The rules for using numbers in academic writing vary among academic disciplines. The conventions described here are for non-technical academic prose where numbers are not a significant focus. Scientific and technical writing will have their own conventions and students should consult a manual dedicated to those standards. The main rules about the use of numbers in standard academic writing are about:

- When to write numbers in words
- When to write numbers in digits
- When there is a choice between words and digits
- How to avoid confusion with numbers in a sentence
- How to write numbers correctly

### When to write numbers in words

###### Write in words all numbers under one hundred, rounded numbers and ordinal numbers

For general academic writing, you need to write these numbers in words: all numbers under one hundred (e.g. *ninety-nine*) rounded numbers (e.g. *four hundred*, *two thousand*, *six million*) and ordinal numbers (e.g. *third*, *twenty-fifth*). Exceptions: see below, When to write numbers in digits

The country had been at war for twenty-five years.

Over four hundred soldiers were sent to the war zone.

The thirty-eighth battalion was sent to the war zone for the fourth time.

###### Write in words numbers beginning a sentence

Either write the number in words or, if that’s awkward, then rewrite the sentence to avoid beginning the sentence with a numeral. Exception: You can begin a sentence with a date.

INCORRECT: 130 student volunteers joined the university peace mission.

CORRECT: One hundred and thirty student volunteers joined the university peace mission.

INCORRECT: 75 percent of the rental properties were occupied by students.

CORRECT: Students occupied 75 percent of the rental properties in the town.

CORRECT: 2008 was a good year to commence university studies.

###### Write in words approximate numbers and some times of the day

In non-technical academic writing, write in words the number for approximate figures (including fractions) and for full, half and quarter hour times.

- about half the students; a quarter of the university; four times as often; hundreds of times
- six o’clock, half past six, quarter past seven, quarter to nine, midday, midnight

### When to write numbers in digits

Situation |
General rule |
Examples |

Numbers above 100 | Use digits. | I counted 3968 books on the shelves. |

Money | Use digits for exact amounts but digits and words for rounded and large amounts. | $24.28 (exact amount); 98 dollars; $15 million (rounded and large amounts) |

Measurements | Use digits with a measurement symbol. | 32 °C or 32 degrees centigrade; 6 cm or 6 centimetres |

Decimals | Give exact amounts in digits. | 0.45 not .45; 2.36 |

Surveys | Write survey results in digit form. | A survey of participants revealed that 4 out of 5 students worked. |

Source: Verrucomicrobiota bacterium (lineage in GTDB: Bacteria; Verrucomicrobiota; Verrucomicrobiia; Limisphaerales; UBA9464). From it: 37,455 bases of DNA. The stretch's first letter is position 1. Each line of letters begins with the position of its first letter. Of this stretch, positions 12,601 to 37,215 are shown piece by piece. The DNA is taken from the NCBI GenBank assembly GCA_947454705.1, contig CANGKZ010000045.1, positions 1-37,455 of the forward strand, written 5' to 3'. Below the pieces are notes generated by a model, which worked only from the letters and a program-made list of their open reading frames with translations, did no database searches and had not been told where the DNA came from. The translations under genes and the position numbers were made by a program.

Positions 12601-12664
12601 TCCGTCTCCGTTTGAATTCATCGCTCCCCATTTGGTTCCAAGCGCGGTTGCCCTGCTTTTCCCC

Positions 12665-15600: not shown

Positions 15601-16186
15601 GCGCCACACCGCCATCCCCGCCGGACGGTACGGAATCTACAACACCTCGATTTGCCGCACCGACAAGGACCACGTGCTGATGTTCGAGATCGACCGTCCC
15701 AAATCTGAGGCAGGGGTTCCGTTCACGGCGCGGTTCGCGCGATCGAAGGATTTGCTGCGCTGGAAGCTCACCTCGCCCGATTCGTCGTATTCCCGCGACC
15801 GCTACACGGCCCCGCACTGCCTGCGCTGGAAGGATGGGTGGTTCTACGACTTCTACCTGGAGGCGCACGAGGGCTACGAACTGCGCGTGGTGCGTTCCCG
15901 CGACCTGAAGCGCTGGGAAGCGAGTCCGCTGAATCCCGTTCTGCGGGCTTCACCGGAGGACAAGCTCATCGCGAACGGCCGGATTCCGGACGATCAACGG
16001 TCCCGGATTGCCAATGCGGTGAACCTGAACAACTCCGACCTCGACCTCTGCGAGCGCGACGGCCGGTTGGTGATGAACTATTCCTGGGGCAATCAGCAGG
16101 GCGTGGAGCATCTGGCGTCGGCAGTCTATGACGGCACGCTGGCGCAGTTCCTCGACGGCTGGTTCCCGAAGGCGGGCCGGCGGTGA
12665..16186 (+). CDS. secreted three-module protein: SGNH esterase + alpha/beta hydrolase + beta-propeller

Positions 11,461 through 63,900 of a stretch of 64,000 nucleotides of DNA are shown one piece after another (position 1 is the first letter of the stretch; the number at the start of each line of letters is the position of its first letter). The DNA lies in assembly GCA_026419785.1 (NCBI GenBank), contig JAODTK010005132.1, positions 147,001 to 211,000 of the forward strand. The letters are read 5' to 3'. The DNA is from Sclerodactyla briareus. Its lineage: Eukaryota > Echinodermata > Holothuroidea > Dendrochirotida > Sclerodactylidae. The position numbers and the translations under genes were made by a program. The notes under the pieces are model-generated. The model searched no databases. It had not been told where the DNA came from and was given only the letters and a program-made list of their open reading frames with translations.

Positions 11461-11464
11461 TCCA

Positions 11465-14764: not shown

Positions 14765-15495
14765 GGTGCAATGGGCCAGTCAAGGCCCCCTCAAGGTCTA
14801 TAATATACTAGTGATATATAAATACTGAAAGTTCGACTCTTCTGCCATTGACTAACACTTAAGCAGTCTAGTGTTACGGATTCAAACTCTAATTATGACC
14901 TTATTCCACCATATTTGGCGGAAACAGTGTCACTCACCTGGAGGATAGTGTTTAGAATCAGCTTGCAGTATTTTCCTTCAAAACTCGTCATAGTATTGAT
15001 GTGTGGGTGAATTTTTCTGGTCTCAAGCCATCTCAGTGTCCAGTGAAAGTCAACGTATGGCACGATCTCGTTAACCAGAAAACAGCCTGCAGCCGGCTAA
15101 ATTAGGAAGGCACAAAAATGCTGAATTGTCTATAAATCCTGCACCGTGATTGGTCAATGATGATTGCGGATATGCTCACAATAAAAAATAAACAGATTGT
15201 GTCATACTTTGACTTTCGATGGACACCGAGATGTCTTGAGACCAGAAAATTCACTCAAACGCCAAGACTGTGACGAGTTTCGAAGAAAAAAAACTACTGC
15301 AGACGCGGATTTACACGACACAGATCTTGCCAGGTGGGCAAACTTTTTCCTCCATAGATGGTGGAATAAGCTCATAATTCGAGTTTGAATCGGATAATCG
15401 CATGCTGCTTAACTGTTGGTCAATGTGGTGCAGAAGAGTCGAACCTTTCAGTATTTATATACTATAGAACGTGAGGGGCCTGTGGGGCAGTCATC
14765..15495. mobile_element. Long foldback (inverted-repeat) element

Scores | Write scores in digit form. | Students scored from 8 to 75 out of 100. |

Statistics | Use digits to describe statistical information. | The survey focused on 90 teachers, 10 principals and 24 auxiliary staff from 20 different schools. |

Dates | Use this order (day/month/year) consistently. | Tuesday 23 February 2008 |

Spans of numbers | Use digits | pages: 56–74, 115–117; years: 1864–1899, 1998–2008; streets: 36–99 Spa St |

Divisions in a book | Use digits to refer to divisions in books and plays. | volume 5, chapter 6, page 45; act 2, scene 4 |

### When there is a choice between words and digits

In the following situations, there is a degree of choice open to you. In such circumstances, it is of critical importance that you are consistent: choose one format and use it throughout.

Situation |
General rule |
Examples |

Percentages | Use 55%, 55 percent or fifty-five percent | Over 55% of students passed the examination. |

Fractions | Write in digits or words. If you use words, join the fraction parts with a hyphen. | ¾ or three-quarters |

Eras (time spans) | Choose from a variety of formats, but be consistent. | the eighteenth century or the 18th century; from the 1960s to the 1990s; during the 2000s; in 2300 BC; in 1770 AD |

Time of day | Choose from a variety of formats, but be consistent. If you are not using am or pm, then write out the time in words. For midday and midnight, write in words—do not use 12 am and 12 pm. |
9 am or 9.00 am or 8.22 pm; the eight-thirty bus; four o’clock in the afternoon |

### How to avoid confusion with numbers in a sentence

Avoid confusion when using two numbers together (run-on numbers) or when dealing with several numbers in a single sentence by:

- using digits and words to distinguish run-on numbers
- being consistent in style within the sentence

There were 32 third-grade students participating in the test.

The computer laboratory has 24 thirty-centimetre monitors.

In the region where the 1500 dollar a year support allowance was given for each student’s fees, at least 28 million people lived.

### How to write numbers correctly

There are particular conventions which apply, depending on whether you are required to express numbers using digits or words.

###### Expressing numbers using digits

- Numbers 1–9999 do
*not*use spaces or commas (e.g.*3333*– no spaces for four-digit numbers). - Numbers 10 000–999 999 have a single space between the hundreds and thousands (e.g.
*There were 287 701 participants in the survey.*). - Numbers from 1 000 000 have a single space between millions and thousands, and between thousands and hundreds (e.g.
*The population of this Australian city was 2 467 789 on the 3 December 2008.*).

###### Expressing numbers using words

- Numbers greater than 999 have a comma after the word
*thousand*and after the word*million*(e.g. 3 206 411 =*three million, two hundred and six thousand, four hundred and eleven*). - Two-digit numbers and fractions use hyphens (e.g. 94 =
*ninety-four*; ¾ =*three-quarters*).